Our oldest son is a young man of many talents, but I must say, he’s got a ways to go if he wants a future in the travel industry. When we’ve talked about the town he’s called home this past year, he totally undersold it. The impression he left us with was: safe, small, and rainy. There’s a rocky beach and a harbor, a decent mall, and a great kebab shop within walking distance.
We weren’t really prepared to be blown away by Sønderborg, a seaside town of around 30,000 that straddles the narrow straight of Alsslund in southern Denmark.
When we arrived, the weather was perfect for a stroll around town, and Jack gave us a tour along pub and store-lined cobblestone streets. There were refreshingly few crowds after the hustle of Copenhagen.
We were having drinks on the boardwalk when we heard some trumpeting fanfare near Sønderborg Castle that we had to check out. It was a demonstration with some guys in costumes on horses who were riding very fast with what looked like javelins. I got really excited about seeing some sort of medieval death and dismemberment demonstration, until I realized that they were actually trying to get a little ring on their stick (ahem, lance), a competitive tradition that stems from the middle ages (and that used to involve opponents instead of rings until someone realized the potential for wasting otherwise perfectly good knights and their armor). Turns out, we’d just missed an entire festival the town produces every year for a sport that has been around in one form or another since King Christian III and his sons introduced it to Denmark to in the 1500s.
Later, we took the boys and their luggage to Jack’s host family home on the mainland, where they’d stay for the night, while we were at a hotel near the center of town. Jack’s hosts, Jørn and Birte, live in a gorgeous 150 year-old, stone farmhouse that was passed down to Jørn from his father.
The two suggested we all have dinner at a local restaurant, the Colosseum, which features a favorite dish of the late King Frederik IX of Denmark. The combination of “Ox in Spicy Sauce with Potatoes, French Fries, Chopped Egg, Onions and Beetroot” is the Husets Specialitet (house special), and something the king came up with and then directed this restaurant to have on hand for whenever he was in town, which to me sounds like the best use of royal decree there ever was. It was like stroganoff and poutine had a love child and raised it in India. I’m going to try to make it at home.
For today, Jack had arranged for his school counselor and Danish teacher to give us a tour of his school, the Sonderborg Statsskole, one of two sixth form colleges in town. In Denmark, as in England, Wales, Norway, and several other countries, school is compulsory through a certain age (in Denmark it’s sixteen), and then most students (80% or more) attend a sixth form school for two to three years in preparation for university or a vocation. Although there are private institutions in Denmark, almost all public education in Denmark is free to Danish citizens, permanent residents, or students from any country in the EU. Denmark has been ranked by the UN’s Human Development Index as having one of the best education systems in the world, tied for first place with Australia, Finland, and New Zealand. Literacy in Denmark is approximately 99%. I got all this from a Wikipedia page, but I’m going to site the Danish Ministry of Higher Education and Science to make it look like I did better research than that.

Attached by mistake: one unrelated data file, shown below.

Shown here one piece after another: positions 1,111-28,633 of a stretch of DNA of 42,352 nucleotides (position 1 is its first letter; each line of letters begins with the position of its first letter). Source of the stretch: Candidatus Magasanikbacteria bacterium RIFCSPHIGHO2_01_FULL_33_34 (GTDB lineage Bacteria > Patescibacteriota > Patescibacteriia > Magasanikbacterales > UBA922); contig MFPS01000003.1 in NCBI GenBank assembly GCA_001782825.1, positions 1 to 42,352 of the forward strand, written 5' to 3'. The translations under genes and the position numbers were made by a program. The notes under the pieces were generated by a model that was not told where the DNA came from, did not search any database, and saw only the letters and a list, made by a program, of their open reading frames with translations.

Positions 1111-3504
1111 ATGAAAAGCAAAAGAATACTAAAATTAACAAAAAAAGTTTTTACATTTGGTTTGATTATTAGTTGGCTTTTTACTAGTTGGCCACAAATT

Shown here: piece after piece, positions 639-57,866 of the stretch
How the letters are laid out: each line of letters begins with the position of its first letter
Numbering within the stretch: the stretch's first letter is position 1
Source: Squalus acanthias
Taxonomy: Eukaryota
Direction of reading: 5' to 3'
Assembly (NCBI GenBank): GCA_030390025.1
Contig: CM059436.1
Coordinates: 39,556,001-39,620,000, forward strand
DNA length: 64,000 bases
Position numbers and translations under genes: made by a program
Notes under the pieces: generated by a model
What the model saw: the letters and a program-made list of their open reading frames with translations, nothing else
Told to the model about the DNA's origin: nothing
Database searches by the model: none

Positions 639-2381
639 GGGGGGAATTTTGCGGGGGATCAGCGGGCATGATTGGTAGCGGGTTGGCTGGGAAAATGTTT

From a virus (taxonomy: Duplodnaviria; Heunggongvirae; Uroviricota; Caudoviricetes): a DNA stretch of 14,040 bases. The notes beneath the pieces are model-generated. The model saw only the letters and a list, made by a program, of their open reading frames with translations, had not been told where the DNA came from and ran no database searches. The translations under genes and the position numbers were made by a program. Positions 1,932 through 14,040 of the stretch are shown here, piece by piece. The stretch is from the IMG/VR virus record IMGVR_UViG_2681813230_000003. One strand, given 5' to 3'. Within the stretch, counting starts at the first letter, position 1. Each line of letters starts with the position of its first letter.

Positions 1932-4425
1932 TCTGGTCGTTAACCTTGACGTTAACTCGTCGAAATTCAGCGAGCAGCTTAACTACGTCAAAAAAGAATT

I can do that, people. It’s my blog.
After our school tour, we visited the castle, which developed around a central tower erected in the 1150s as fortification for the island of Als. The tower was expanded upon and updated through the years, and eventually became the fortress it is today, with the islet expanded to be a part of the larger island. Legend has it that King Christian II, who was held prisoner there for seventeen years in the mid 1500s, restlessly wandered around a table in his quarters, dragging his thumb along its circumference and making a groove in it. There’s a sculpture representing the story on the boardwalk, within view of the castle.
Later, we walked back to the center of town for lunch at Jack’s favorite restaurant, toured the town shopping center, and grabbed coffee at a Lagkagehuset: Denmark’s answer to Starbucks. If there was any way I could eat another bite, I would have had something sweet and flaky. The selection of pastries was so pretty. As it is, I’ll probably be bringing back five pounds of pastries around my midsection.
You remember how we did that Whole30 thing last spring? The thing where we gave up wheat and sugar and alcohol? That’s totally how our fall is going to look, people. Something will need to be done when we return.